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What Criteria Are Used to Invest in Stock?

Original post by Slav Fedorov of Demand Media

Each investing style and stock picking method uses its own set of criteria to select the best buy candidates. The criteria can be divided into fundamental and technical. Fundamental criteria evaluate a company's financial condition, valuation and growth prospects. Technical criteria evaluate the performance of the stock price itself over a period of time.

Value

Market conditions periodically drive stock prices below any reasonable valuation. A stock can come to be worth less than the business it represents. Value investors use valuation criteria such as price-to-earnings ratio (P/E), price-to-sales ratio, price-to-book ratio and balance sheet analysis to pick undervalued stocks, which they then buy and hold until the valuation returns to normal and they can sell at a profit.

Growth

The stocks of companies that grow sales and earnings the fastest tend to appreciate the most in price. Growth investors use criteria such as sales and earnings growth, a company's potential and industry trends to buy the fastest growing stocks, which they then buy and hold for as long as the stocks are advancing and the growth continues.

GARP

Growth at a reasonable rate (GARP) attempts to combine growth and value: GARP investors buy stocks of fast-growing companies with reasonable valuations and sell them when those stocks become overvalued. Many use PEG -- a ratio of P/E to earnings growth rate -- as their main criterion to select buy candidates.

Momentum

Momentum investing is based on the premise that stock prices move in trends: once a trend starts, it is likely to continue for a while. Momentum investors use a stock's price and volume action as their main selection criterion to buy stocks at the beginning of a new uptrend and to sell them as soon as that uptrend begins to falter. Trend following is a variation of the same concept. The selection criteria are based largely on the stock chart patterns of both value and growth stocks.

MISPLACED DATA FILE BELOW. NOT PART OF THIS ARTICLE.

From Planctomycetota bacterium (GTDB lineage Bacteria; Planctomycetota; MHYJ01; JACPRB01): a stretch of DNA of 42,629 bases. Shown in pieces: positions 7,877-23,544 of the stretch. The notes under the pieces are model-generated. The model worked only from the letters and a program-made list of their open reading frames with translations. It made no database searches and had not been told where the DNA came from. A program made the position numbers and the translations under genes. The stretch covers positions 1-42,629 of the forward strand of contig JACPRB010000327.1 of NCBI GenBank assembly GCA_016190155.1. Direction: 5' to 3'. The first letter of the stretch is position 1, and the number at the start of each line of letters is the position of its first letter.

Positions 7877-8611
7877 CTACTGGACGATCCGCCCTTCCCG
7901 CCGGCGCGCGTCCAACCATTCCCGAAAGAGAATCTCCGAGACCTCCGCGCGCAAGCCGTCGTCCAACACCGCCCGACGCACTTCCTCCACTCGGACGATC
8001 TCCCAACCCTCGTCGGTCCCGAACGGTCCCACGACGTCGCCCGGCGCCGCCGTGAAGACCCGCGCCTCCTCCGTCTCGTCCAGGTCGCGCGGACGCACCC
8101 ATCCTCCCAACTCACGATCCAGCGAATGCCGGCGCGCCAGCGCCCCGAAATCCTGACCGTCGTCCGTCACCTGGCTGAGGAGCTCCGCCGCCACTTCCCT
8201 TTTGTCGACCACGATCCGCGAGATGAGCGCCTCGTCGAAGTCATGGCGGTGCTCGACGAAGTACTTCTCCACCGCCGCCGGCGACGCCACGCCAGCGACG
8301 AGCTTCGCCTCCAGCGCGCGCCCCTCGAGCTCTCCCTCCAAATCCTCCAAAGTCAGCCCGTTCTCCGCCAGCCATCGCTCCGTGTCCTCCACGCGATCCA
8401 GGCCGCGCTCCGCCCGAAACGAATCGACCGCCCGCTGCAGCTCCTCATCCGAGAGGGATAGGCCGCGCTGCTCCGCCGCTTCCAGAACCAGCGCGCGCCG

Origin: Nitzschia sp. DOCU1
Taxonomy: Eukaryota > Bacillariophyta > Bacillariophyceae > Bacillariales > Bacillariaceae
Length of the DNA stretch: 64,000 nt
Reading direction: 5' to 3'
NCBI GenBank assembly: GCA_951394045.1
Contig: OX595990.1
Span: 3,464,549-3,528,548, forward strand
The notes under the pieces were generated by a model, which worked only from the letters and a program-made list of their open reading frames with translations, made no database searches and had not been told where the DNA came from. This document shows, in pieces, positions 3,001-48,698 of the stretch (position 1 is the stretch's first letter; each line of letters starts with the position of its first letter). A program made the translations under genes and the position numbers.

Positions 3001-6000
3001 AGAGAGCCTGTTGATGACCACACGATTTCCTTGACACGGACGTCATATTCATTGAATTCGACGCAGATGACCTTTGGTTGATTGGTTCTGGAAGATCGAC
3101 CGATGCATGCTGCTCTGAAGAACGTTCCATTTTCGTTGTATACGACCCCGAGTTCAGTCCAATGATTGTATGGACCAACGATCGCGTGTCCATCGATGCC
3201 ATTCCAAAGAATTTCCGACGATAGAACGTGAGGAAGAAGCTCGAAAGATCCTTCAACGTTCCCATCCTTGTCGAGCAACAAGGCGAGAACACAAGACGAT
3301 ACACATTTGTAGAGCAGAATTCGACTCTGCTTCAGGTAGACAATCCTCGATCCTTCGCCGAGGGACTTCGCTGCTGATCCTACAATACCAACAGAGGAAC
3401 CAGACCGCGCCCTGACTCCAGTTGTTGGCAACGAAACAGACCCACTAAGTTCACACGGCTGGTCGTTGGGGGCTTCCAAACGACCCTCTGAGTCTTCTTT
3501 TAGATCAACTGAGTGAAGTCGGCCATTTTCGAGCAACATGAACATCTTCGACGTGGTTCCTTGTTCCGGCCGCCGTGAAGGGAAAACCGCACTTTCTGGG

Biotech

Biotech is a specialized and risky area of investing because most biotech companies are unprofitable because they burn through cash while developing new drugs. A successfully commercialized drug can generate billions in sales for a small, obscure biotech company. Biotech investors use as their main criterion the potential efficacy of a new drug candidate and its chances of successfully passing clinical trials and getting final Food and Drug Administration (FDA) approval. Since most drug candidates are never commercialized, the goal of biotech investing is not so much to find a company with a drug that will be approved as to speculate on investor reaction to the various stages of drug development while a drug candidate is still showing promise.

                   

References

  • FINVIZ.com Stock Screener
  • "One Up on Wall Street"; Peter Lynch; 2000
  • "Security Analysis"; Benjamin Graham and David Dodd; 2008
  • "Technical Analysis of Stock Trends"; Robert D. Edwards, John Magee; 2010

About the Author

Based in San Diego, Slav Fedorov started writing for online publications in 2007, specializing in stock trading. He has worked in financial services for more than 20 years, serving as a banker, financial planner and stockbroker. Now working as a professional trader, Fedorov is also the founder of a stock-picking company.

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